How did this new approach to content play out and evolve over time?
We really knuckled down and started to build a much more meaningful relationship with our members and wider social media following. The real gamechanger for us was when we integrated #CrunchTV. It’s a social advocacy initiative whereby members who share their workouts on Instagram and Twitter with the #CrunchTV hashtag are featured on in-gym TV screens – thus encouraging them to share their successes and, crucially, tell their friends. Plus, we get all sorts of valuable insights from the platform.
Before, we were trying to activate staff by asking them to submit a couple of photos by the end of the week to use for social media content and just hoping that members would hashtag, stuff like that. Whereas now, we can count on our members to drive content, because they have this incentive where they can get pictures on TV. So the members have become this huge content source, and it's working really well for us.
What have been the results from Crunch TV and how did you roll it out?
#CrunchTV is hosted on this licensable platform called Upshow and Geoff was referred to it by his friend Steve Schwartz, who runs a very successful club operation in Chicago (Midtown Athletic Clubs). So we gave it a test pilot, and it was wildly successful – when we integrated it into our model it just took off. Members absolutely love it.
Looking at our numbers as we speak, I can see that #CrunchTV right now has 34,000 posts on it, and that's over the course of about eight months. In our pilot month we had just over 2,000 posts from our 4 test locations – so that’s a 1550% increase in posts. When we started #CrunchTV we had about 89,000 followers total, and we've grown that audience to 125,000, so that’s an increase of about 40% and it’s growing by the day.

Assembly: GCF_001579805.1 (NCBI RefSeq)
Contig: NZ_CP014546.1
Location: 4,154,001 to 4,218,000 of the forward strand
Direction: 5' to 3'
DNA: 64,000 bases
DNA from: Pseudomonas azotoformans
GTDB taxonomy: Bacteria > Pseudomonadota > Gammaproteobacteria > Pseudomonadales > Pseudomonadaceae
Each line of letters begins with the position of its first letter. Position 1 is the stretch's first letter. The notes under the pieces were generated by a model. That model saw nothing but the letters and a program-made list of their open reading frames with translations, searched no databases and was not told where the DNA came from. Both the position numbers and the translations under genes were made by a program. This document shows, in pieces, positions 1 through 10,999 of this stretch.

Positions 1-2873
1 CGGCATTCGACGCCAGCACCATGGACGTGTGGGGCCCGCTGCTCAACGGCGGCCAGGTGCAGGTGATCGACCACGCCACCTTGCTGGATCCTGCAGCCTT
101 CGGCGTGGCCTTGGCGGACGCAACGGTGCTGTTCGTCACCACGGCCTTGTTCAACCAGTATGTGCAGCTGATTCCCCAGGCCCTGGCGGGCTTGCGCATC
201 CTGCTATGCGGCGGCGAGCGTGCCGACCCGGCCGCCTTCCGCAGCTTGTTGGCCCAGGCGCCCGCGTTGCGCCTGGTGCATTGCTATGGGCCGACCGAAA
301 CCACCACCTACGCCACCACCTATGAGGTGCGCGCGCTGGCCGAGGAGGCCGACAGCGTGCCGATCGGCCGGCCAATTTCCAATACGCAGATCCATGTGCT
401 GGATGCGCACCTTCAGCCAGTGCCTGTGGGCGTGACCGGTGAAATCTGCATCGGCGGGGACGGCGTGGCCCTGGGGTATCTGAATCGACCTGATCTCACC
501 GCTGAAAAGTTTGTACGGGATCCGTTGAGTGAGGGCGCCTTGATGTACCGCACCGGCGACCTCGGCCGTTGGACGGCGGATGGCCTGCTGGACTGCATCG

How has your approach helped you to drive member acquisition?
I’d say perhaps the biggest shift has been our interactions with potential members. We track something called ‘Social Media Enquiries, and those have been fantastic for us –we've seen them uptake like crazy. In a nutshell, a Social Enquiry is just when someone enquires about membership online – sort of like a telephone enquiry. We've definitely seen those ramp up. In fact, we ran a promotion where we encouraged all our. staff to take photos with a stand-up banner in-club and we had an incredible 800 membership enquiries that month on social media alone. One of our main strategies is utilizing sharing at the front desk, and we are firm believers that the staff are our biggest tool, and our most important people. So we try to incorporate at the point of sale some social interaction, and that's really been a big cornerstone of what we've been doing.
And how does this engage existing members?